Difference between revisions of "Computer Science PhD"

From 80,000 Hours Research
Jump to: navigation, search
(Job satisfaction)
(Software engineering)
Line 62: Line 62:
  
 
===Software engineering===
 
===Software engineering===
 +
"A lot of students tell me that they plan to get their bachelor's degree, work in industry "for a year or two" and then apply to grad school "later." If you are serious about going to grad school, I do not recommend this approach. In my experience, it is quite rare to make the jump from industry to grad school. First off, industry pays so much better than the PhD student stipend that it is quite hard to make this transition. Also, to get into a top PhD program, you need good letters from CS professors, and letters from industry don't really count. After you've been gone for a couple of years it's hard to get those stellar letters from the professors that may have loved you back when you were in college; newer, brighter, more energetic students have taken your place and you are long forgotten (although maybe Facebook will change all that). Industry experience rarely helps a graduate application, especially if you're some low-level engineer at a big company writing tests all day."[http://matt-welsh.blogspot.co.uk/2010/09/so-you-want-to-go-to-grad-school.html]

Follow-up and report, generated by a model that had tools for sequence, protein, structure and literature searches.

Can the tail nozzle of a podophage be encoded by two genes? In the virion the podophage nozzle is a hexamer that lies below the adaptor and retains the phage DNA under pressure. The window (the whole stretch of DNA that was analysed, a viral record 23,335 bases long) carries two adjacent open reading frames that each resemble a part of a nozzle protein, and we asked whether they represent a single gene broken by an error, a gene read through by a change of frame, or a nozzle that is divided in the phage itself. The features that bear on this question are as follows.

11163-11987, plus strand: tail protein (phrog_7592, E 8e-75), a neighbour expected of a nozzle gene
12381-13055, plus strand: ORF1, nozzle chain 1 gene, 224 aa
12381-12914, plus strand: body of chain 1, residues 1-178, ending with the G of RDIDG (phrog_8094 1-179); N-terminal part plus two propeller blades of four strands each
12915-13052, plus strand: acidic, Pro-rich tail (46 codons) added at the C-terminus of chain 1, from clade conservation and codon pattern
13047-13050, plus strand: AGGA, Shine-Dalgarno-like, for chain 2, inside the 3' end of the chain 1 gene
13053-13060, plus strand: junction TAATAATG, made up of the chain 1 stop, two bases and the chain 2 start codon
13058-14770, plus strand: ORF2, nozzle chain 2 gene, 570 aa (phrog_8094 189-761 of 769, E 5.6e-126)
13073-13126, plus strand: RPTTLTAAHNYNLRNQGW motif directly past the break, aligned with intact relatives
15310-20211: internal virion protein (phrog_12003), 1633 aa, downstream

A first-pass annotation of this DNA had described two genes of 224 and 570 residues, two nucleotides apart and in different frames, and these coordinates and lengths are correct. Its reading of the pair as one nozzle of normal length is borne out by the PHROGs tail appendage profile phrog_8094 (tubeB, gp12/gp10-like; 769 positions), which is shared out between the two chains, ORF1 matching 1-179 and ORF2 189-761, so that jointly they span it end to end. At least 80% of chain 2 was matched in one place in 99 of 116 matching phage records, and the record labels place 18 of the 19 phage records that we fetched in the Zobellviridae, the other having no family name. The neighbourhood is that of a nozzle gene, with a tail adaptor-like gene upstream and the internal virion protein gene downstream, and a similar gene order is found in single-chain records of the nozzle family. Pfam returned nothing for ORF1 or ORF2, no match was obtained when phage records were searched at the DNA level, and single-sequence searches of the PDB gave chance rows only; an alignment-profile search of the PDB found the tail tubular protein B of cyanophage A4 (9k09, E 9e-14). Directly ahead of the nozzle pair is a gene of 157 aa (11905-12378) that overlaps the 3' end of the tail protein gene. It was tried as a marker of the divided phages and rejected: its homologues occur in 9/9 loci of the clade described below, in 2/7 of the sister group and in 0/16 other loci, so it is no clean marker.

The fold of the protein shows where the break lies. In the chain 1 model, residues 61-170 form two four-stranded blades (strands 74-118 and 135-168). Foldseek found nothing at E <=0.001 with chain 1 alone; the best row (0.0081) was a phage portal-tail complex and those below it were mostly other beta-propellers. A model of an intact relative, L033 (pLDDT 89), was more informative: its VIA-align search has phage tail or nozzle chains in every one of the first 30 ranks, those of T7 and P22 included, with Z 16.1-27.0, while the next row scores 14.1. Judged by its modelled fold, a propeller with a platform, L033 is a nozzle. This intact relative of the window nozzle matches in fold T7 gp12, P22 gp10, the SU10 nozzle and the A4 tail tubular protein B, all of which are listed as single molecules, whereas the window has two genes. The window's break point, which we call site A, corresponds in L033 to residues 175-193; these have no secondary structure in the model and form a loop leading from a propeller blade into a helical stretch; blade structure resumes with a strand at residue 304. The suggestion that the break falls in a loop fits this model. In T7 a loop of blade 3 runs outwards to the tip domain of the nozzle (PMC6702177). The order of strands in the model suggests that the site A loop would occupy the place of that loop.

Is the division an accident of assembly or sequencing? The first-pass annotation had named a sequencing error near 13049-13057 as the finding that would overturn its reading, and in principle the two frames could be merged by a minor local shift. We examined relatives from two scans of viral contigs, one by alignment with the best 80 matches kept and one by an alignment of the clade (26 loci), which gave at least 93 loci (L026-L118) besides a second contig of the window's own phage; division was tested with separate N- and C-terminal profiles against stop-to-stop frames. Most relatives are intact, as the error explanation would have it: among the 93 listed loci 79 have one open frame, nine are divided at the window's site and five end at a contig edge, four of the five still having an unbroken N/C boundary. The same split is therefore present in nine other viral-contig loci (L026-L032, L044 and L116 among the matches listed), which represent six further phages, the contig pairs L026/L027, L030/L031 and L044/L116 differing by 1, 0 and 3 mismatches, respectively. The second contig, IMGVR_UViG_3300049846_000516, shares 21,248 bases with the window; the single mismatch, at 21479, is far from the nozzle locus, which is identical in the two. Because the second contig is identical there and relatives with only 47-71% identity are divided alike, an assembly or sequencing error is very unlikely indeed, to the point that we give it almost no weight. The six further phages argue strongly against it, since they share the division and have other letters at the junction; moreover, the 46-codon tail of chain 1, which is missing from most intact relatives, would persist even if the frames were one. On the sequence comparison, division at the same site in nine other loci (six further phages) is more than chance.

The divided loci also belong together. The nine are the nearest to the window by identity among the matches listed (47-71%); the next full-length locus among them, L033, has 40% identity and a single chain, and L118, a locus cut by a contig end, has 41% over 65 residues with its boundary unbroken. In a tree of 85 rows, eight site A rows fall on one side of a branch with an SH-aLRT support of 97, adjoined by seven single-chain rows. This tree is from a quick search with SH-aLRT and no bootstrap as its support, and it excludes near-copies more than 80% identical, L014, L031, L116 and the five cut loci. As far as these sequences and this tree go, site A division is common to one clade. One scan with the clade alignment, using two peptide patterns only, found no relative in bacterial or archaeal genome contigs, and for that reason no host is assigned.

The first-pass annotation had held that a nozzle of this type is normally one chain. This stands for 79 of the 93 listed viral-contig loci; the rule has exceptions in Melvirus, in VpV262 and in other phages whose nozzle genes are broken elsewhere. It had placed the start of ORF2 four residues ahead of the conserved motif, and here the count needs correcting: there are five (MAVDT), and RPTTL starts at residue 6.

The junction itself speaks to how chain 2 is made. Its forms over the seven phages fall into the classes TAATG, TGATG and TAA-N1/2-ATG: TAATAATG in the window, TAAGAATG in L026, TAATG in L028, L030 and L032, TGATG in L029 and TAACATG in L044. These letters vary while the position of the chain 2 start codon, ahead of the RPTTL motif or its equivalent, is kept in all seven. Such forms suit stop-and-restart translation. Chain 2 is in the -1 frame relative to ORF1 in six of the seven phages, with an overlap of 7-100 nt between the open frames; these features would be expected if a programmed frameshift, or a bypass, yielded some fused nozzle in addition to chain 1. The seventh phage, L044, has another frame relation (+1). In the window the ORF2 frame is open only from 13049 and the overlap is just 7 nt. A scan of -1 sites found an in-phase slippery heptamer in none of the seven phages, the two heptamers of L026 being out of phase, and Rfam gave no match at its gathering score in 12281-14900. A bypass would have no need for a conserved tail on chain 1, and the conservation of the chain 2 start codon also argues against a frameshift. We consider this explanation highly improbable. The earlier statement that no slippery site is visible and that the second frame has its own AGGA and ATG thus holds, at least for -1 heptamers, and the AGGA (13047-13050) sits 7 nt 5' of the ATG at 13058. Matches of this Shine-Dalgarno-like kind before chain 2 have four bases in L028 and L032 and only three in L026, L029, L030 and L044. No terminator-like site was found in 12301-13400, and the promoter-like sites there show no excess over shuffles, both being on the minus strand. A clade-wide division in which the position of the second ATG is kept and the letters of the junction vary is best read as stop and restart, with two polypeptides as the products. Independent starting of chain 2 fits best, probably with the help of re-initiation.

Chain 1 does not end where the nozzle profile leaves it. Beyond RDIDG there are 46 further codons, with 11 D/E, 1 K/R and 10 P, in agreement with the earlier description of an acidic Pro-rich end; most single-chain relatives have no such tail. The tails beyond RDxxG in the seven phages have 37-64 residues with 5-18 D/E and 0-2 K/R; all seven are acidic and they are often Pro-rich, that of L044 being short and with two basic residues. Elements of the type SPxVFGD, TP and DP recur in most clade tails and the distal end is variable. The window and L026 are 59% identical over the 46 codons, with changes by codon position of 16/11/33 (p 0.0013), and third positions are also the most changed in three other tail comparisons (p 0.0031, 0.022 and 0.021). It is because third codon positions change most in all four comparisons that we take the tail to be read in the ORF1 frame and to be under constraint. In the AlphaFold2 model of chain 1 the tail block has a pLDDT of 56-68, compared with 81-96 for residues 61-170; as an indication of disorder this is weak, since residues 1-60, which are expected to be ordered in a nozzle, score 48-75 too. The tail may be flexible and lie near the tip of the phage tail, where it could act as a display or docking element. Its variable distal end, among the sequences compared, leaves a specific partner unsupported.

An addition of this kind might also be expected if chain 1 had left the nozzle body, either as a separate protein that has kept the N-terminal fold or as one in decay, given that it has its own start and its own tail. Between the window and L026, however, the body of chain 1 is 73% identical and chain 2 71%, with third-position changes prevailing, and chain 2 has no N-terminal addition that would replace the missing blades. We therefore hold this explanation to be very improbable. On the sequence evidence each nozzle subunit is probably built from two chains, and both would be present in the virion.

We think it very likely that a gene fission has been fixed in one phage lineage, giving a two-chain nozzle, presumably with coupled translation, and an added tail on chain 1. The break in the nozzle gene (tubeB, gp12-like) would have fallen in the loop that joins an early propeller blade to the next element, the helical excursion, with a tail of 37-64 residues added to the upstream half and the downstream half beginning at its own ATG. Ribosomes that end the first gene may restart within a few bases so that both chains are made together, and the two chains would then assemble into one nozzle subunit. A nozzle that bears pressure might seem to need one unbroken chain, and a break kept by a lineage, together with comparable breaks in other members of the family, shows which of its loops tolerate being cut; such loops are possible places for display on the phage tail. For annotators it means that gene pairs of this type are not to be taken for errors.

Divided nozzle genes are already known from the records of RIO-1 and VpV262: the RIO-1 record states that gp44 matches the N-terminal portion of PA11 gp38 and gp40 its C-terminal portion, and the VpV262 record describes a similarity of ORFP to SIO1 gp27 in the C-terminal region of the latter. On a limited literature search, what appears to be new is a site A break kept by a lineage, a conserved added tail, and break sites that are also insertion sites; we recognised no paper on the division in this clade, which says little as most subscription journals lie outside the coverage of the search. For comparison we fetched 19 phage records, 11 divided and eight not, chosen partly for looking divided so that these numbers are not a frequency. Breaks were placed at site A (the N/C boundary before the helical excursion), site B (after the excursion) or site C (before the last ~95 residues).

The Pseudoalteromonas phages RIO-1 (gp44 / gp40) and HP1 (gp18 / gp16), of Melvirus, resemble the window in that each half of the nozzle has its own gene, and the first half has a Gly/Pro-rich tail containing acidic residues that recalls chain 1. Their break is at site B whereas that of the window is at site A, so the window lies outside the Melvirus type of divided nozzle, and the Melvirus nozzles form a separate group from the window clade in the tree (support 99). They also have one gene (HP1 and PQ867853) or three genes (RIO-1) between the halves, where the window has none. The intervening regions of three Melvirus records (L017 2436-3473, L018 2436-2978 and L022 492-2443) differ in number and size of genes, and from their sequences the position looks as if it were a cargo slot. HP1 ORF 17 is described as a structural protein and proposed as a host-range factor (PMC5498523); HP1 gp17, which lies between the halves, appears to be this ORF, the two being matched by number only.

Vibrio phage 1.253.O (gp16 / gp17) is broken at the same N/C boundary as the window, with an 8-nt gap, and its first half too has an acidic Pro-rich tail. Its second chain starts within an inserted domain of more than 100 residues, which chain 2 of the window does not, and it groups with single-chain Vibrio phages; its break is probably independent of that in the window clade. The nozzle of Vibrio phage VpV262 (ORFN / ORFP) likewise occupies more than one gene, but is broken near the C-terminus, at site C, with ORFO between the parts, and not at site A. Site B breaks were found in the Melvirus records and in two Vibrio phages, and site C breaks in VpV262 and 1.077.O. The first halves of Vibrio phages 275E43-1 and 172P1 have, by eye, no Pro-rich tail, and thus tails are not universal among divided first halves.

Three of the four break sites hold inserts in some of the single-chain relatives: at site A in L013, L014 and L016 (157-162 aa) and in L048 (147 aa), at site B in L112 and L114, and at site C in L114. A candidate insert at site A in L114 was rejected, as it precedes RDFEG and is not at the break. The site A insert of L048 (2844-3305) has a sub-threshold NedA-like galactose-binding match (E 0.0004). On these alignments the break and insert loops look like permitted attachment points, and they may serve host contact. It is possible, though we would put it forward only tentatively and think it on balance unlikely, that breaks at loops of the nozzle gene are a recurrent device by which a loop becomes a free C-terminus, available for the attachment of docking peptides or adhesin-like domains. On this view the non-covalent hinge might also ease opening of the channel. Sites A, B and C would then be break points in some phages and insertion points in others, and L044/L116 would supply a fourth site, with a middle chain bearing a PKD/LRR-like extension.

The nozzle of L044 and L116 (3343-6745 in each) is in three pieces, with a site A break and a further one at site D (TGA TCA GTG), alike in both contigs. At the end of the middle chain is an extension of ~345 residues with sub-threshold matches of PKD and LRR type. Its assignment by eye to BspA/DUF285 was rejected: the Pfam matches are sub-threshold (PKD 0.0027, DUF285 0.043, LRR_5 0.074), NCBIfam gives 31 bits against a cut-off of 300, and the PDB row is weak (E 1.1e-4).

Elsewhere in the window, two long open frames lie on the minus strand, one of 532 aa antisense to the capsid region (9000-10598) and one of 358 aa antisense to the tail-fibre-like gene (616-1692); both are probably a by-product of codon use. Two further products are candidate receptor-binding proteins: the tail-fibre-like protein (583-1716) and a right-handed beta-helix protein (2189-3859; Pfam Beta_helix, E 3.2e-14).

== Past experience ==
 
== Past experience ==

Revision as of 08:25, 12 June 2015

This page contains all notes on Computer Science PhD's over and above what we put in our career profile. Read the profile first, here.

Profile type

Exploratory

What is this career path?

"Nobody finishes in four years. The typical time to completion is around five or six years, but there is a long tail -- I reserve the term "paleo-student" for someone who has been at it more than 10 years."

What are the people like?

Personal fit

Entry requirements.

How to get into grad school

Who should especially consider this?

"The only reason to do a PhD is because you love doing research. If you don't love research, don't bother -- it is not worth the time, money (in terms of opportunity cost vs. making a real salary in industry), or stress."[1]

"The answer to that depends on two questions? Do you need one? Do you want one? You need a PhD if you want to go into academia. If you find the process of getting a PhD unenjoyable, that is a strong sign that you are not cut out to be in academia. If a PhD makes you hunger for more, then you are."[2]

"What it boils down to is that this is one of the most intense questions of self-knowledge you will ever face. The answer is simple: you should do a PhD if you really want to. Look into yourself to figure out if you really want to. ... This is what I like to call a clamped decision. If you are not fully convinced that the answer is “yes”, then the answer is “no.”"[3]